Sex and violence: A hardwired love story?

Why we love it and can’t get enough of it from our favorite fiction


Entertainment, sex and violence are no strangers to each other. From the days of Roman gladiators and the orgies of ancient Pompeii, human beings have been entertaining themselves with imagery that appeals to the basest instincts of the human mind. Today our entertainment is bloodier, sexier and a bigger part of life than it has ever been before.

While it’s not too big a leap to guess why we love depictions of sex so much in our media, violence is a bit of a puzzle. Especially when the two become intertwined. For the most part, we are raised to condemn violence.

We are also often traumatized when we witness or experience violence in person. So why do we love watching it so much on television or the big screen?

We say we don’t like violence, but box offices and ratings say otherwise. People eat up slasher films, brutal video games and graphic television like popcorn. Shows like “The Walking Dead,” “Breaking Bad” and “The Sopranos” are famed for their brutality, but few top Game of Thrones in sheer visceral violence and global popularity.

According to the New York Times,  the massively popular “Game of Thrones” is estimated to make at least $1 billion a year. An estimated  9.3 million watch each episode. That’s a lot of people watching and buying merchandise from a show  in which violence is a staple to the narrative.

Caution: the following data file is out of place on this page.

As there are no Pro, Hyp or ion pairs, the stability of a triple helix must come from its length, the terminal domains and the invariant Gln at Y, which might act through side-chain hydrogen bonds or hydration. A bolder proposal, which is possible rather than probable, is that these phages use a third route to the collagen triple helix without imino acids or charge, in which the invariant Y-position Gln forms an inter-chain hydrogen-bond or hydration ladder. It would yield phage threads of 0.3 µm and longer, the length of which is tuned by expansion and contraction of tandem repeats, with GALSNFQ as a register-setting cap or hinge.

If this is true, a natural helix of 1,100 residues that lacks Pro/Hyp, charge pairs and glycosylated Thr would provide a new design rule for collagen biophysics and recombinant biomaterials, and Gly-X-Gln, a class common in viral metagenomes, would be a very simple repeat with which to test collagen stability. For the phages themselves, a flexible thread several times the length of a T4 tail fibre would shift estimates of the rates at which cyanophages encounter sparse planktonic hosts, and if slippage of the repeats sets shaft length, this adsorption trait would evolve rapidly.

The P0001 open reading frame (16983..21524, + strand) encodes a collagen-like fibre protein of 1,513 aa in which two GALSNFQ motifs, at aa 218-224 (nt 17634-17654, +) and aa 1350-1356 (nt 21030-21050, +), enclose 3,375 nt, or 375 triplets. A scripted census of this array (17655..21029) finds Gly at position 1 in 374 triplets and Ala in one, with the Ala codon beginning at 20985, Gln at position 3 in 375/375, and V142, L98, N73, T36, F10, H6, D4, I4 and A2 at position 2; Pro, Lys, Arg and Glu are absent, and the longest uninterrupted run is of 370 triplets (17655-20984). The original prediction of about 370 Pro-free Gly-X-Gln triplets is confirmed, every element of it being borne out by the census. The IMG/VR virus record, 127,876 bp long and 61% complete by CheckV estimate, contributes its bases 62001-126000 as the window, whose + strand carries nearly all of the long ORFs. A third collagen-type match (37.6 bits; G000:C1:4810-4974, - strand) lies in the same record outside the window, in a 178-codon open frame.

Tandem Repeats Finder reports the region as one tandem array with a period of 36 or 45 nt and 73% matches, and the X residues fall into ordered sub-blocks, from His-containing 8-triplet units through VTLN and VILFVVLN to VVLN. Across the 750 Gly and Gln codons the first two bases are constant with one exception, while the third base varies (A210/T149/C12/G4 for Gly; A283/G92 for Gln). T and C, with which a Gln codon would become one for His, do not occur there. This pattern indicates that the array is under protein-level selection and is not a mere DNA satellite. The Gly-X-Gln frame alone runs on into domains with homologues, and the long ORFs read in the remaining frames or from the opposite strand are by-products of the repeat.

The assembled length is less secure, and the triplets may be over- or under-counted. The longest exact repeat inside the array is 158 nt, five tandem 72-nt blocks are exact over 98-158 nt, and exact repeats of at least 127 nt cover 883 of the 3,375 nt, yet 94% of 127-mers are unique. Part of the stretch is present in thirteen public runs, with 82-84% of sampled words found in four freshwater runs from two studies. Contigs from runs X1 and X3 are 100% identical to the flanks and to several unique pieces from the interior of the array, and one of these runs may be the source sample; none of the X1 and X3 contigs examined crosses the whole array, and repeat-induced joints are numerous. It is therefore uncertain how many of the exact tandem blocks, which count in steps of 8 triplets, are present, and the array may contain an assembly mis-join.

Characters get gutted, decapitated, crippled, their throats slit, blinded, burned alive, stabbed, castrated and hung from trees, all in rather realistic detail. One scene in the first season shows a woman bent over a pile of slain members of her village getting raped by a group of nomadic barbarians.

Students I talked to who watch the show say the realism of the violence doesn’t put them off. Instead, it makes the fantastical world of dragons, sorcerers, and magic more believable than something like the more tame “Harry Potter” or “Lord of the Rings.”

“I love ‘Game of Thrones,’” said Zach Morgan, a student baking in the sun outside the Campus Center last week.